Formula One is a human capital business. Without world class talent matched to a profound commitment to go beyond the definition of the normal understanding of commitment, success in Formula One would be an elusive goal.
It follows therefore that Williams' staff are its most important asset. The company prizes itself in a positive level of engagement, support and reward for its workforce, reflected in the number of employees who have served 25 years or more with the organisation.
Today Williams employs around 600 personnel at a 40ha technology campus based in the heart of the UK’s ‘Motorsport Valley’ in rural Oxfordshire. The company’s core competencies are the design and manufacture of Formula One race cars, and the deployment of this expertise in running the team’s entries into the Grands Prix each season.
Below are the different businesses within the Williams family:
Williams F1 Team
Although Williams has expanded over recent times, we believe we have kept the family within the team and a supportive and friendly environment. Williams F1 Team was founded back in 1977 by former team owner Sir Frank Williams and automotive engineer Patrick Head.
We are an independent Formula One team with a philosophy and history of winning races.
Williams Advanced Engineering
Williams Advanced Engineering, part of the Williams group of companies that includes the world famous Williams F1 Team, takes the cutting edge technology that has its origins in Formula One and adapts it for a range of commercial purposes. This includes the development of high-power composite flywheel energy storage systems, commercial applications of the Group’s motorsport simulation technology, the design and manufacture of high performance vehicles and engineering consulting and systems integration services.
Based at the Williams F1 factory in Oxfordshire and the Williams Technology Centre in Qatar, Williams Advanced Engineering brings the best of Formula One engineering to the wider world.
Williams Hybrid Power
Williams Hybrid Power (WHP) is the division of Williams F1 that develops electromechanical flywheels for mobile applications such as buses, trams and high performance endurance racing cars. A type of hybrid system that uses a spinning composite rotor to store energy, these flywheels help a vehicle save fuel and ultimately reduce its CO2 emissions.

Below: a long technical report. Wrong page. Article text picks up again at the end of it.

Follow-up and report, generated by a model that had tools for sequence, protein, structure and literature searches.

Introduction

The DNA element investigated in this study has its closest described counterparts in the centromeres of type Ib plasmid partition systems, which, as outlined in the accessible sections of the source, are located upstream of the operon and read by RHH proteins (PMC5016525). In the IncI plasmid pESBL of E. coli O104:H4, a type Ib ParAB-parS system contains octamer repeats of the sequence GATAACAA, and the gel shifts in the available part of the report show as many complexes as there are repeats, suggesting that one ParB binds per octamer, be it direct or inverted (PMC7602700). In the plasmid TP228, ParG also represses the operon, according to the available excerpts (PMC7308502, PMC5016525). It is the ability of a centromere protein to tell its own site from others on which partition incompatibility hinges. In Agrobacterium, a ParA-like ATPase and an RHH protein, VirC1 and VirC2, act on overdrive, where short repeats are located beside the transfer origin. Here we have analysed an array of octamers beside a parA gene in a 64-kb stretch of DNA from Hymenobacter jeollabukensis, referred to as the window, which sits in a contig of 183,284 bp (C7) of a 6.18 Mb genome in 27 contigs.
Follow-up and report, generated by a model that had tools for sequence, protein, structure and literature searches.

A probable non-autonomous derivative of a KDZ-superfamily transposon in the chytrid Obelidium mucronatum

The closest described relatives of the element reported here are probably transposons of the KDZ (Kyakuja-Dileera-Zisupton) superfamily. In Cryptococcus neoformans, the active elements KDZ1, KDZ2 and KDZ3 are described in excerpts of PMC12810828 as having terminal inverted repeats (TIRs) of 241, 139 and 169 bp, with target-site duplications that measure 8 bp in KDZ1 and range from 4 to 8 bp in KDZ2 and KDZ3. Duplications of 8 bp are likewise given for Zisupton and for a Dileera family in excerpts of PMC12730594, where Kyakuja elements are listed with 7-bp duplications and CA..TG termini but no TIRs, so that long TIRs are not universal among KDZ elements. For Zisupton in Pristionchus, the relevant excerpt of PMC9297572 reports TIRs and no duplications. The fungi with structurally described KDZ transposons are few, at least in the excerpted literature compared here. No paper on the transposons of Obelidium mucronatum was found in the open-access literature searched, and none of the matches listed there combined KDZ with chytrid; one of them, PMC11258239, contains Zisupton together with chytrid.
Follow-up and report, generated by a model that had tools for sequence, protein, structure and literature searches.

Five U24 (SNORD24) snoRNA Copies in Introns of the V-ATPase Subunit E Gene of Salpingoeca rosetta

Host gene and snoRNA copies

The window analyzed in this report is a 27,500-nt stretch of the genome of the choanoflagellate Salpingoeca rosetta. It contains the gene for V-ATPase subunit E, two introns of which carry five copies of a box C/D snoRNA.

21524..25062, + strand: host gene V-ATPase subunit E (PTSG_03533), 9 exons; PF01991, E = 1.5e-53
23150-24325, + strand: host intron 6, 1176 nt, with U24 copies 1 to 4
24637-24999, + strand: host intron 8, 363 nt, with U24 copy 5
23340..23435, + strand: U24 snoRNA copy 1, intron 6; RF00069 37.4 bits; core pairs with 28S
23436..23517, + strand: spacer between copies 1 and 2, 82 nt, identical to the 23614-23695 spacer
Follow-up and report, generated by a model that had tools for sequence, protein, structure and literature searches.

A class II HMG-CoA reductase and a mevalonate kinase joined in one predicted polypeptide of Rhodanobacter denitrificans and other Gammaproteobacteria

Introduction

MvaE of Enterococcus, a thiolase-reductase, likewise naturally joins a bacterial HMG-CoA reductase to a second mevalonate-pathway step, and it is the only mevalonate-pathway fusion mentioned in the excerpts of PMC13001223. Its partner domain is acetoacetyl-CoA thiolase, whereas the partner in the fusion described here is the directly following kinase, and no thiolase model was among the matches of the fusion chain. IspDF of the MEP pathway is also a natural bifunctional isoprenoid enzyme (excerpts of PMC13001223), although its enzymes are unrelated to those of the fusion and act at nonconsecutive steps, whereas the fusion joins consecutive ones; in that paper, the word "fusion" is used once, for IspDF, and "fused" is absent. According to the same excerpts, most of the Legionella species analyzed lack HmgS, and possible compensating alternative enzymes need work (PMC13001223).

WHP was first established in 2008 and immediately set about developing a new flywheel energy recovery system for the Williams F1 Team after the introduction of Kinetic Energy Recovery Systems (KERS) into Formula One for the 2009 season. While other teams were pouring their efforts into electric battery systems, Williams F1 opted to go down the flywheel route because of a strong belief in the technology's wider applications. Whilst it was never raced in Formula One due to technical changes, WHP has since seen its technology adapted for a range of applications. For example, the hybrid car that won the 2012 Le Mans 24 Hours used a WHP flywheel. WHP has also seen its flywheel technology introduced into a series of buses as part of a deal with the Go-Ahead Group, one of the UK’s biggest transport operators
Williams Technology Centre
In partnership with the Qatar Science & Technology Park, Williams F1 established the Williams Technology Centre, Qatar (WTCQ) to develop and commercialise technologies that have their origins in Formula One. This is currently focused on two R&D projects that will help Qatar achieve its 2030 National Vision.
The flywheels being developed are designed to help make Qatar's ambitious public transport infrastructure the most environmentally friendly in the world. Introduced into a new metro system for example, our flywheels can offer significant reductions in CO2 emissions. The road safety simulators being developed are helping to train local regular and commercial drivers to improve Qatar's road safety record and educate drivers on how to drive in a more fuel efficient manner.
Beyond its technology programmes, WTCQ is actively supporting education in Qatar in a variety of ways including mentoring final year student engineering teams, running multiple summer internship programmes to expose students to rapid engineering culture, and the hiring of local graduates.